The following slides show selected examples of distributions of hyperfine interactions and describe how they can be interpreted.
Amorphous Fe87.5Zr6.5B6 metallic glass is weakly magnetic at room temperature (300 K) as seen from the corresponding Mössbauer spectrum which is neither a sextet nor a doublet in shape. Distribution of hyperfine magnetic fields P(H) shows prevailing low H-values.
An increase of temperature induces a magnetic transition from magnetic to paramagnetic state. Consequently, at 348 K the system is paramagnetic and the doublet-like spectrum is described by distributions of quadrupole splitting P(D).
On the other hand, a decrease in temperature to 77 K strengthens the magnetic interactions giving rise to distribution of hyperfine magnetic fields P(H) shifted towards higher H-values.
Using temperature Mössbauer effect measurements we can determine the magnetic ordering temperature (Curie temperature) of the investigated system.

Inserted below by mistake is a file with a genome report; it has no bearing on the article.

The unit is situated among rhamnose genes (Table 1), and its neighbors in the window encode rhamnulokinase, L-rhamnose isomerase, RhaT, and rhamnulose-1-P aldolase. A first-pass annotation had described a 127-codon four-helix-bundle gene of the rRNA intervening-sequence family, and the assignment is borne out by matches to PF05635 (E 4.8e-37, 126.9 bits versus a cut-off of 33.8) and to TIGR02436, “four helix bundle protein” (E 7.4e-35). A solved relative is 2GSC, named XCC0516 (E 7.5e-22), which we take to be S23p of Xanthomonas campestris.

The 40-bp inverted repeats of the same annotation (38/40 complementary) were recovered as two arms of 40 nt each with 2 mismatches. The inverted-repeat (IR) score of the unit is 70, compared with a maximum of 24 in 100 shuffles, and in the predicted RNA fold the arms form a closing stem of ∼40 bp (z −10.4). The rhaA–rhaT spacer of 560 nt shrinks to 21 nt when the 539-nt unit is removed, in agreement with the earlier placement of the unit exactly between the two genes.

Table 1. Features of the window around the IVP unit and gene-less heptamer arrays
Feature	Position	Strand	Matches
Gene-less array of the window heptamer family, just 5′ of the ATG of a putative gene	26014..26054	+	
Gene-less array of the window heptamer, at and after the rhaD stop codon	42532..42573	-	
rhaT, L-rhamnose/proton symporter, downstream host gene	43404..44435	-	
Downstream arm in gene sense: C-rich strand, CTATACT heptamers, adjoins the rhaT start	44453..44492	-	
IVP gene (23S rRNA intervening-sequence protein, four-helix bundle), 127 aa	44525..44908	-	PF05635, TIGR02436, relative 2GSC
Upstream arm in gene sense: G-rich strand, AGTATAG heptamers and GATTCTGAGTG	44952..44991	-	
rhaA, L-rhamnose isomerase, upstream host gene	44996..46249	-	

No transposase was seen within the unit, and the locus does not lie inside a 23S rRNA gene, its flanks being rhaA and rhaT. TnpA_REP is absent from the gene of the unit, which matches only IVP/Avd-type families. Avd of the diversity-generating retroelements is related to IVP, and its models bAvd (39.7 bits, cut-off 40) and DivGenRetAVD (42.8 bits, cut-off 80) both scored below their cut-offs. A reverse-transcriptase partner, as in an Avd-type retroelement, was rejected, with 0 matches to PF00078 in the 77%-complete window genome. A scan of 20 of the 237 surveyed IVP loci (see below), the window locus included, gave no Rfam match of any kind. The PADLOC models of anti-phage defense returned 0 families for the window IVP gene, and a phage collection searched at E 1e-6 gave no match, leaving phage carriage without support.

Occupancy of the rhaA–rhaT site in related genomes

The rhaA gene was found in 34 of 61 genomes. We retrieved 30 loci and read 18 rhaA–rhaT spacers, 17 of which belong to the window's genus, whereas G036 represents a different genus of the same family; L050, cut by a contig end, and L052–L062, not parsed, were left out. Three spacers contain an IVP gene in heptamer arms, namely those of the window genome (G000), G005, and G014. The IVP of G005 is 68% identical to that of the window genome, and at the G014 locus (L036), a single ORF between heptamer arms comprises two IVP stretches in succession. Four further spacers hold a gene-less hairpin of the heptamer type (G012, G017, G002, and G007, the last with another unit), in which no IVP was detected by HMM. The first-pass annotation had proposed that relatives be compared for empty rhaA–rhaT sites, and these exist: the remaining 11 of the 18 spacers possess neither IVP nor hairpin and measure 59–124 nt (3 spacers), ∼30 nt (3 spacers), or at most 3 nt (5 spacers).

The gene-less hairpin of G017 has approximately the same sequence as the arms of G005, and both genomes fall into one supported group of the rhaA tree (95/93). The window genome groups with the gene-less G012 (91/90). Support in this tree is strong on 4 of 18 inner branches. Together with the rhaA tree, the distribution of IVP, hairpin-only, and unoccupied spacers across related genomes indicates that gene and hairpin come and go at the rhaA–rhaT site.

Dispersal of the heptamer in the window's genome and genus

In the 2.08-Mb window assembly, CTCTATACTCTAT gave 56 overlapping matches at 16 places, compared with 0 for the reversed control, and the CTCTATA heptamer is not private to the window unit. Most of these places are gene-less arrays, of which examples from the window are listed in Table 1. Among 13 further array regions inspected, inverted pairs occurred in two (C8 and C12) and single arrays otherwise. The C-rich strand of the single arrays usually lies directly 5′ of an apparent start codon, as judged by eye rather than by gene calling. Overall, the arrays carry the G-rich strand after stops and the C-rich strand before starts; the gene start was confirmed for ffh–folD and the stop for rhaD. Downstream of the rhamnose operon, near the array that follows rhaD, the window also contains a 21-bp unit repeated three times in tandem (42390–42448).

Miglierini M and Grenèche J-M J Phys Condens Matter9 (1997) 2321
click the picture to rotate the 3D-HFD
Miglierini M, Grenèche J-M and Idzikowski B Mater Sci EngA 304-306 (2001) 937
The temperature of annealing affects the amount of nanocrystals formed during heat treatment (i.e. crystallization) of the amorphous precursor. The corresponding Mössbauer spectra reflect the presence of crystallites, the residual amorphous matrix as well as the interface zone (see Part I.).
The former are characterized by single values of hyperfine fields (vertical lines) whereas the latter by P(H) distributions. These can be eventually plotted as 3D mappings showing the evolution of hyperfine magnetic fields.